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Montevideo, April 25th 2024 - 08:18 UTC

 

 

Illex Squid: correlation between abundance and sea surface temperatures; Taiwanese experience 1998/2018

Thursday, February 15th 2024 - 12:24 UTC
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The fishing ground mainly extended from 34°S to 55°S and from 50°W to 70°W, approximately covered distributional range of the Argentine shortfin squid Illex The fishing ground mainly extended from 34°S to 55°S and from 50°W to 70°W, approximately covered distributional range of the Argentine shortfin squid Illex

ScienceDirect (*) site has published a most interesting study on fishing trends, particularly on the Illex Argentines in the Southwest Atlantic, based on squid catches calculated from daily logbooks recorded by the Taiwanese squid-jigging vessels from 1998 to 2018 across the open sea east of Argentina and north of the exclusive economic zones of the Falkland Islands in the Southwest Atlantic, which was a quality-controlled compilation of regional fisheries data.

Anthropogenic shifts in seas are reshaping fishing trends, with significant implications for aquatic food sources throughout this century. Examining a 21-year abundance dataset of Argentine shortfin squids Illex argentines paired with a regional oceanic analysis, we noted strong correlations between squid annual abundance and sea surface temperature (SST) in January and February and eddy kinetic energy (EKE) from March to May in the Southwest Atlantic.

A deeper analysis revealed combined ocean-atmosphere interactions, pinpointed as the primary mode in a rotated empirical orthogonal function analysis of SST. This pattern produced colder SST and amplified EKE in the surrounding seas, factors crucial for the unique life stages of squids. Future projections from the CMIP6 archive indicated that this ocean-atmosphere pattern, referred to as the Atlantic symmetric pattern, would persist in its cold SST phase, promoting increased squid abundance. However, rising SSTs due to global warming might counteract the abundance gains. Our findings uncover a previously unrecognized link between squids and specific environmental conditions governed by broader ocean-atmosphere interactions in the Southwest Atlantic. Integrating these insights with seasonal and decadal projections can offer invaluable information to stakeholders in squid fisheries and marine conservation under a changing climate.

Squid abundance

Time series squid catches were calculated from daily logbooks recorded by the Taiwanese squid-jigging vessels from 1998 to 2018 across the open sea east of Argentina and north of the exclusive economic zones of the Falkland Islands in the Southwest Atlantic, which was a quality-controlled compilation of regional fisheries data. The fishing ground mainly extended from 34°S to 55°S and from 50°W to 70°W, where approximately covered distributional range of the Argentine shortfin squid Illex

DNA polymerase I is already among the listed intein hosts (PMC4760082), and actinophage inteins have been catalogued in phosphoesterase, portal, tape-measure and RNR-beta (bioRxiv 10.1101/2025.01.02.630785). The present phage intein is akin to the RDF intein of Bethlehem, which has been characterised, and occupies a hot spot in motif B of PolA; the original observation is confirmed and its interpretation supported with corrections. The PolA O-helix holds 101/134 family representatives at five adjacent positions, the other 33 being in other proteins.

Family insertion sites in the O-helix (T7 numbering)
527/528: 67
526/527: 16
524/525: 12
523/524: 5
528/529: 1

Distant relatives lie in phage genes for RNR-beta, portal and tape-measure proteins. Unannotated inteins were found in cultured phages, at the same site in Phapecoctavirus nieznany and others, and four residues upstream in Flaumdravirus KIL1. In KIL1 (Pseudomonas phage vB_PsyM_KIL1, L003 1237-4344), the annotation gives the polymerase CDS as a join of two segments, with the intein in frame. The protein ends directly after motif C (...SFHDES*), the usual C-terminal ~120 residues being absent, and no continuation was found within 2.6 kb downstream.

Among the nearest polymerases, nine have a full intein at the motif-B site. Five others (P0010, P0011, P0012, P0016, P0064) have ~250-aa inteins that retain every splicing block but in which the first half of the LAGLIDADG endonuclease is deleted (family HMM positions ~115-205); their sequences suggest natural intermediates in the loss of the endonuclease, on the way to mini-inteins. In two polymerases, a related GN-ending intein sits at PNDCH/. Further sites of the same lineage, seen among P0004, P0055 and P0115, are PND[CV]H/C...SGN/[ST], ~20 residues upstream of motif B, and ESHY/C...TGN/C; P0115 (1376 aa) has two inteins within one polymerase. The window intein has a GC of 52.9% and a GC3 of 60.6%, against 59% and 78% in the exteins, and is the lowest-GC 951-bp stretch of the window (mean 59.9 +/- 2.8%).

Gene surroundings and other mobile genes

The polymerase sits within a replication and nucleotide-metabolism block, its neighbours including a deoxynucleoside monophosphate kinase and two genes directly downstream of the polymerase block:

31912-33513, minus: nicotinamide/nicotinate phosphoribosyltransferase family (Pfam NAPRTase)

Identified time-series patterns and large-scale circulation roles

Time series of Illex argentinus abundance in the Southwest Atlantic showed monthly dynamics and annual quasi-cyclic fluctuations. The highest abundance appeared in 1999, 2007, 2014 and 2015, whereas the lowest abundance occurred in 2004, 2009, 2010 and 2016. To minimize effects of length of the fishing season, merely the summed daily squid abundance during the main fishing period, i.e. from March to May (MAM), representing 34.4%–94.1% of the total catch by the Taiwanese squid-jigging.

The authors of the report demonstrated how recent oceanic and atmospheric changes would continuously alter temporal-spatial trends of squid annual abundance in the Southwest Atlantic. Did Illex argentinus still benefit from a changing sea environment, being proliferating populations? We examined this issue using more recent multidecadal abundance trends of squids with spatial aspects, rather the typical practice of examining long-term, usually over a quarter century, species trends collectively.

Credit authorship contribution statement

Chia-Ying Ko: Writing – review & editing, Writing – original draft, Project administration, Methodology, Investigation, Funding acquisition, Formal analysis, Data curation, Conceptualization. Yu-Chi Lee: Writing – review & editing, Writing – original draft, Visualization, Methodology, Formal analysis, Data curation, Conceptualization. Yi-Chi Wang: Writing – review & editing, Writing – original draft, Project administration, Methodology, Formal analysis, Data curation, Conceptualization.

Declaration of competing interest

The authors declare that they have no known competing financial interests or personal relationships that could have appeared to influence the work reported in this paper.

Acknowledgments

We thank the crews and staffs of Taiwanese squid-jigging vessels and the Taiwan Squid and Saur Fisheries Association and anonymous reviewers for their insightful comments and criticisms. This research was funded by the Fisheries Agency, Council of Agriculture, Executive Yuan (grant numbers 109AS-9.1.4-FA-F1, 110AS-6.1.1-FA-F6 and 111AS-6.4.1-FAF6) and National Science and Technology Council (grant numbers MOST 111-2636-B-002-022- and NSTC 112-2636-B-002-013-). We thank to National Center for Science

(*) ScienceDirect is an essential information resource for over 19,000,000 scientists worldwide, and home to many respected journals and prestigious society titles.

 

Tags: illex, squid.

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